Two Sides of the Same Coin

Online publishers are themselves consumers. No, not just consumers of bandwidth or Web servers. They’re consumers, just like their customers. Publishers are individuals who buy gifts, books, airline tickets, even other publications, online.

Those experiences should make online publishers appreciate just how much Digital Rights Management (DRM) and Consumer Privacy Protection are actually two sides of the same coin. The coin is the same one they want to earn, then spend.

Interactive marketing’s promise is “Tell me your personal needs and interests, and I’ll help you find what you want.” Or, “I’ll make sure the only advertisements you see are for things that interest you.” There isn’t any question this promise portends great value for consumers and responsible marketers alike.

However, surveys show consumers fear whatever information they disclose online, particularly the information about their needs and interests, will be indiscriminately sold and resold as informational commodities to unknown, third-party marketers. Without the consumers’ knowledge or consent. Too often, that’s true.

Consumers want to know who will be using the information they put online. And how it will be used.

On the other side of the coin, publishers are worried because online technologies given consumers the ability to acquire movies, video, music, photos, texts, and other content. Consumers can acquire such content legitimately or illegitimately. The livelihoods of publishers, writers, artists, and performers, as well as business payrolls and profits, depend upon legitimate sales.

Publishers want to know who will be using the information they put online. And how it will be used.

So on both sides of the coin, the party who is providing the information wants to know who will be using the information they put online and how it will be used. Neither side realizes the other has the same problem and needs.

The question of who will be using the information is particularly important to both publishers and consumers. If a third party, such as a credit card company or microtransaction company, processes the transaction, does that company know what you bought or sold online? Will the third-party company sell that information? Will it use the information for its own unknown or nefarious purposes?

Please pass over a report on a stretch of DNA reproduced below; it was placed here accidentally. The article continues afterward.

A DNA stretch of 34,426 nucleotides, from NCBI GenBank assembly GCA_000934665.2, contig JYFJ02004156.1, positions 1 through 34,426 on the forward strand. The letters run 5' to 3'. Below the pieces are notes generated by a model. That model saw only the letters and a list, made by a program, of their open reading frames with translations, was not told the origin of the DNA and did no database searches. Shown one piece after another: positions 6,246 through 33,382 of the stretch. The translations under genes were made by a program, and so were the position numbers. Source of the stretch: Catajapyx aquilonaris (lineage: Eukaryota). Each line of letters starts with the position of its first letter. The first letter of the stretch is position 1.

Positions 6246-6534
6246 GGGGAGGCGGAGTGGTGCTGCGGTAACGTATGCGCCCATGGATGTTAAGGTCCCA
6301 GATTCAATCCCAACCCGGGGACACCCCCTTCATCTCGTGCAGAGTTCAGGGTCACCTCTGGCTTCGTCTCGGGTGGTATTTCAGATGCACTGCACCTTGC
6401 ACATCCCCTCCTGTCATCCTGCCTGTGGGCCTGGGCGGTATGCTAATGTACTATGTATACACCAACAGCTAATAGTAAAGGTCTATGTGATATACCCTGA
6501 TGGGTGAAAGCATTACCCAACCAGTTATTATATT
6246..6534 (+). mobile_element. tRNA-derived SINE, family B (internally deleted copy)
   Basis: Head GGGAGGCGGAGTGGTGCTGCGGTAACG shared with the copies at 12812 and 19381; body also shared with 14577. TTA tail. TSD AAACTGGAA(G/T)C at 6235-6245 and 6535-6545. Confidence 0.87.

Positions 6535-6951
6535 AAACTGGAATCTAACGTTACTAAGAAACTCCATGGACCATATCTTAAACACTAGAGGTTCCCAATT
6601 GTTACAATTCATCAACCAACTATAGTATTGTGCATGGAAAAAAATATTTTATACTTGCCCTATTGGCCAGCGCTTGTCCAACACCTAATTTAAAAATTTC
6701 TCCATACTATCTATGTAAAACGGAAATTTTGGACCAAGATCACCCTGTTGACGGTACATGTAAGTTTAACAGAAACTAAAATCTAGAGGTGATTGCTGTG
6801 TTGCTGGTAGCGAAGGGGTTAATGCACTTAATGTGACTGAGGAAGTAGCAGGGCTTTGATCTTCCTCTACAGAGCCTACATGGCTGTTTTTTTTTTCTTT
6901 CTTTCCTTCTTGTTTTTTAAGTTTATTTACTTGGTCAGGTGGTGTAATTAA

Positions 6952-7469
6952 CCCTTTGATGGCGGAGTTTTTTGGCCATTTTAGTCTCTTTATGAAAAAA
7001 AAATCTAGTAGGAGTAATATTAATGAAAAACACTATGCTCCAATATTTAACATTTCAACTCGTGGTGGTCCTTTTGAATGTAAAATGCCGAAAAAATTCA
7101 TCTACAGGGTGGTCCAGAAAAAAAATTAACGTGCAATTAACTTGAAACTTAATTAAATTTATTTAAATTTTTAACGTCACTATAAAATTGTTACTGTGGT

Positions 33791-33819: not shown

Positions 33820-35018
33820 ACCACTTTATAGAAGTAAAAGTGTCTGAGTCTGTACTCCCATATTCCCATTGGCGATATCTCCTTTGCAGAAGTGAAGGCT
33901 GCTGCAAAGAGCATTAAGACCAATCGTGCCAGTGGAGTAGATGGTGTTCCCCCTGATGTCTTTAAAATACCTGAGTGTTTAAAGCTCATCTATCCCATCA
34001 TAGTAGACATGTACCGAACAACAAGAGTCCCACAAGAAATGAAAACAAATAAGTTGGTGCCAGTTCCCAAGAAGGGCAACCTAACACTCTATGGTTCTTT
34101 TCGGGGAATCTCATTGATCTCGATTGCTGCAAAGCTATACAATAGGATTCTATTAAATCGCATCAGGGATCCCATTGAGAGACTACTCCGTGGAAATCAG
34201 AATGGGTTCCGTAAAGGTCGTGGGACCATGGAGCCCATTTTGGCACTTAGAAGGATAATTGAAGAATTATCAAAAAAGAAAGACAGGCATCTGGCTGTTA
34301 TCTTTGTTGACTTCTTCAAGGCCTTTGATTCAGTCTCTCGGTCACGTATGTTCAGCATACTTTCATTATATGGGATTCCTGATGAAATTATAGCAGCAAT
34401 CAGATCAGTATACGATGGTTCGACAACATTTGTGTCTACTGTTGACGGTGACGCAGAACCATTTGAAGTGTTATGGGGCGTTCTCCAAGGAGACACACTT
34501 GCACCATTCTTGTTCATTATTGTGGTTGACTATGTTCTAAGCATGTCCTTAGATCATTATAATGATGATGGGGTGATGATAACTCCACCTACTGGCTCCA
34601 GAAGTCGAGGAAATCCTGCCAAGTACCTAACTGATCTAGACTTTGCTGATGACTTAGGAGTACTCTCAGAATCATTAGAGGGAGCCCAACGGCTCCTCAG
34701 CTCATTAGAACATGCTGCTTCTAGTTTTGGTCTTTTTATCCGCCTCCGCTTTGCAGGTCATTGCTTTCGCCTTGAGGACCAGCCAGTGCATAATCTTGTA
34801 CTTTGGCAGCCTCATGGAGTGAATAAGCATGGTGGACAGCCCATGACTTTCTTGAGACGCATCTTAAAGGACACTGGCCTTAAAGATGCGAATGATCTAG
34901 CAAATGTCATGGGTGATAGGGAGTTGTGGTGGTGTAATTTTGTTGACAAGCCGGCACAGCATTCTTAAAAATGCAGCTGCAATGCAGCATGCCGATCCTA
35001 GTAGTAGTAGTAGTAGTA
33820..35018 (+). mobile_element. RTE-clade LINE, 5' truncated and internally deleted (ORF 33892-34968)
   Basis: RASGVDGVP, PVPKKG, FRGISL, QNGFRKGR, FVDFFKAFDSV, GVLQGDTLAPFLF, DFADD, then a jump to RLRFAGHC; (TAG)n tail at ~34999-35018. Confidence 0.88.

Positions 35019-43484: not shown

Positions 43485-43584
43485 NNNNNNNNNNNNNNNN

Look at how much purchase information credit card companies harvest and sell to marketers. Do you really want anyone to know the details of all your online viewing or purchasing? Consumer purchase data is a commodity (at least here in the U.S.). It’s sold by many banks and credit card organizations that don’t necessarily acquire either the permission or knowledge of the consumers themselves.

Indeed, the problem transcends borders. Most online consumers nowadays live outside the U.S. Some 20 to 35 percent of the traffic at major U.S. newspaper and magazine Web sites originate outside the U.S. Consumer data privacy issues sparked a dispute a few years ago between the U.S. and the European Commission.

As a publisher, do you want third-party processing companies to know what your customers bought or read online? That’s confidential trade data. It’s extremely valuable to your company. It’s the publishers’ form of consumer privacy. Will a vendor company sell the information, despite any covenants in your contract that specifically prohibit it? What about other third-party companies used by your own vendors? Would you want the banks that process credit card transactions to harvest sales data from your business?

Until consumers and publishers are each given solid technological and legal protection for their own proprietary information, an insufficient number of them will provide enough information online to permit interactive marketing to fulfill its potentials on the buy or sell side. This naturally includes the ability to target banner ads that accurately address consumers’ interests and needs.

DRM executives and consumer privacy advocates must realize they have common problems. They’re two sides of the same coin.

Related reading

Vector graphic of a megaphone spewing out business themed items, such as a laptop, tablet, pen, @ symbol and smartphone